This is Your Brain on Sports: The Science of Underdogs, the Value of Rivalry, and What We Can Learn from the T-Shirt Cannon

How can a glimpse of the finish line be such a powerful motivator that it pushes runners to nearly catastrophic efforts? Why do recovering addicts so often find success in ultra events? Why do the best athletes often make the poorest coaches? These are just a few of the topics that sportswriter L. Jon Wertheim and psychologist Sam Sommers explore in their new book, This is Your Brain on Sports. You’ll also find out why professional quarterbacks are the most attractive players in the game, what specific type of praise leads to continued improvement, and why we instinctively find ourselves rooting for the underdog.

If you’re a sports fan, or you enjoyed reading Freakonomics or Outliers, you’ll really enjoy this book. The writers weave stories about sports, behavioral economics, and neuroscience in such a witty and entertaining fashion that I read this book from cover to cover in a single weekend. It’s the kind of book that you can’t keep to yourself. Several times, I stopped passing family members and called them into the room to read passages aloud for their benefit. Yes, I’m that guy.

sports fans

As a father of two children who play sports, I was particularly interested in what the authors had to say about participation trophies in youth sports. Trophy companies are selling more awards than ever before, and kids across America have trophies and medallions lining their walls to commemorate their attendance. This has led many to question the wisdom of an everybody-is-a-winner approach and its lasting impact on competitive sports.

Back in the 1980’s, players on a struggling Notre Dame hockey team asked their psychology professors for help. The professors suggested specific and targeted feedback that focused on the most crucial area in need of improvement.  In this case, the team needed to increase their ‘hits’ per game to disrupt the other team’s offense. Soon, the Fighting Irish locker room had charts representing the number of checks per game. Players were given individual goals, and coaches dished out praise to those who earned it. As a result, the team’s hit rate increased by 82 percent and the graduating seniors had their first winning season since arriving on campus.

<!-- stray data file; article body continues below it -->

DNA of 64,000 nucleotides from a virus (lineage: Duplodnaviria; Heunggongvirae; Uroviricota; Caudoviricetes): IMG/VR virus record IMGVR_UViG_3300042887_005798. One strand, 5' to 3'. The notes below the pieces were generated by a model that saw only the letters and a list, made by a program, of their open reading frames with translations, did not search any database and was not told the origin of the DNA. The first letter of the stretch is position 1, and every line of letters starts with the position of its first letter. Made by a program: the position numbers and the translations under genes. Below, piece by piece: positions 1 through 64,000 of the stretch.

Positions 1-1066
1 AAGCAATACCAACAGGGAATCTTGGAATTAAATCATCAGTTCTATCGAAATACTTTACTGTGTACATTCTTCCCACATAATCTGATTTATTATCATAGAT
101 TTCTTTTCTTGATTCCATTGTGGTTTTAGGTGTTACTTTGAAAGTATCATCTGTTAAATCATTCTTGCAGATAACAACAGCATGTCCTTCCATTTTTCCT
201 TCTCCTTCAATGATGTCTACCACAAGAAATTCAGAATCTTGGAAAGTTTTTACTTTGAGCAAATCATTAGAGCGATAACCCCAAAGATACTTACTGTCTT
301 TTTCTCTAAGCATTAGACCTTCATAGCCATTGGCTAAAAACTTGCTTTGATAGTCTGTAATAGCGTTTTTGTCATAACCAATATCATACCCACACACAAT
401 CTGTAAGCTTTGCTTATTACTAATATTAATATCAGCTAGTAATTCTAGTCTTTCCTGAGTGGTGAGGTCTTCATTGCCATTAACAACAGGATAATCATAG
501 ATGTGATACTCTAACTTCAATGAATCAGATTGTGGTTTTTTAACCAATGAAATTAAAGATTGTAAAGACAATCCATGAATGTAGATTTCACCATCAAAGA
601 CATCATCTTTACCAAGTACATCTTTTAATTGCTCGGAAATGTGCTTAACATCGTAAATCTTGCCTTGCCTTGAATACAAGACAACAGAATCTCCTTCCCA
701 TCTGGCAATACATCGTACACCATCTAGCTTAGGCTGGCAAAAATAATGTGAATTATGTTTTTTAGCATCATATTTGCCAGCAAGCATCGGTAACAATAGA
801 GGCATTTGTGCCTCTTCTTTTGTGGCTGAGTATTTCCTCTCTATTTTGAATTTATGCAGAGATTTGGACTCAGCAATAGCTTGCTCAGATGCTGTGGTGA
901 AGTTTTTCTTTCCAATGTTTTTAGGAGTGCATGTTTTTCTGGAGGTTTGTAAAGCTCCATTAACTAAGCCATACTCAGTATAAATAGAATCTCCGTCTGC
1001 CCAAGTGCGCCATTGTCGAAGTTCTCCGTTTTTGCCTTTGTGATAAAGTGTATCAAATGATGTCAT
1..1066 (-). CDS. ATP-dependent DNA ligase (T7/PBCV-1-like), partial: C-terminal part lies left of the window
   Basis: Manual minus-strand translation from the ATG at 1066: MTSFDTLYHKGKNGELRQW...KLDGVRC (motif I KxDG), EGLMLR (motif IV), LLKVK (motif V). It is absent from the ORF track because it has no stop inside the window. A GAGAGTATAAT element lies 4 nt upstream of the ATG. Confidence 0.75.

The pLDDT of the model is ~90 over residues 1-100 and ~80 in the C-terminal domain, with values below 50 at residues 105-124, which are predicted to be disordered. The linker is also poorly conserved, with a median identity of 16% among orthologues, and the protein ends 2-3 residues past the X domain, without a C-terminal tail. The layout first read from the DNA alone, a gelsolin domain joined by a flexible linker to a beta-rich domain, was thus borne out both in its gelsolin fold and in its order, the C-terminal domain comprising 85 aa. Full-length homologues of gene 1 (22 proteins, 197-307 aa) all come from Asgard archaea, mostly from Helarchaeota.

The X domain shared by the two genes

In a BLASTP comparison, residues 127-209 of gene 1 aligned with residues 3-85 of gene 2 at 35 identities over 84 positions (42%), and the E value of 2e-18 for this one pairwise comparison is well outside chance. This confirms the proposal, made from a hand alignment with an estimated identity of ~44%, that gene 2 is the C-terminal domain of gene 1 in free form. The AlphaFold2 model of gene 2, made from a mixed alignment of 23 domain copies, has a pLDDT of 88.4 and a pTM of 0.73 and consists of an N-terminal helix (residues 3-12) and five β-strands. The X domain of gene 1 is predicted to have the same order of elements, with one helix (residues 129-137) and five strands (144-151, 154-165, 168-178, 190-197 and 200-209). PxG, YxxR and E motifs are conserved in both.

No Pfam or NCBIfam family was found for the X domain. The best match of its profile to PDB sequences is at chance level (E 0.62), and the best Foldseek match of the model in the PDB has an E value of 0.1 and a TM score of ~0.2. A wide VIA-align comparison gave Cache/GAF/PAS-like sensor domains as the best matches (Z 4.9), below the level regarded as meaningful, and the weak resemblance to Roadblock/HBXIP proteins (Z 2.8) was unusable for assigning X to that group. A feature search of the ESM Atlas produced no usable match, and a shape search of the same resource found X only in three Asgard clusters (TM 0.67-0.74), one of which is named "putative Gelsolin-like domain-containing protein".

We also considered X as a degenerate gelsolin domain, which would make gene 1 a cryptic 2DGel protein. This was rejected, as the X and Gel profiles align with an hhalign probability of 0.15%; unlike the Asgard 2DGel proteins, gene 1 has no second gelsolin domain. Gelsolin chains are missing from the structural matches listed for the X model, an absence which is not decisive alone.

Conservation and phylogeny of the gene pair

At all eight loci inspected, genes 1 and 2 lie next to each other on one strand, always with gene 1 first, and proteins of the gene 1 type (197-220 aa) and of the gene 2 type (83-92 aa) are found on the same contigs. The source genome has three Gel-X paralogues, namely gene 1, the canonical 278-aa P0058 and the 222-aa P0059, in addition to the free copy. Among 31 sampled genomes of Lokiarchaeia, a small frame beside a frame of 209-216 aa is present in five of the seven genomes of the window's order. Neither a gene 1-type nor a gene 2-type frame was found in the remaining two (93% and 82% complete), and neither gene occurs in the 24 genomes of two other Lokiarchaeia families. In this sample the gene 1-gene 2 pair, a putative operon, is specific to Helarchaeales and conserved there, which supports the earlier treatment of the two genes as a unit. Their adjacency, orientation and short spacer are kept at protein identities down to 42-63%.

What does this tell us about participation trophies? And, more importantly, what does this tell us about good coaching?

Youth-soccer

Well, there is a place for participation trophies at the earliest levels of youth sports. Like half marathon medals for new runners, the bling may be the attraction for many budding athletes. But, as the league play advances and athletes mature the value in such awards becomes questionable. General praise just isn’t good enough. Feedback based on an individual player’s efforts is much better in terms of motivation. So coaches, toss out the mass-produced trophies and create meaningful awards. Somewhere there’s a young soccer player who deserves the “Best Hustle to Prevent a Goal by a Midfielder” award.

Every chapter of This is Your Brain on Sports will give you something to think about. You’ll find yourself shaking your head at the manic minds of athletes, fans, and coaches. And, you’ll have plenty of conversation starters for the next block party, barbecue, or sideline chat.

Thoughts?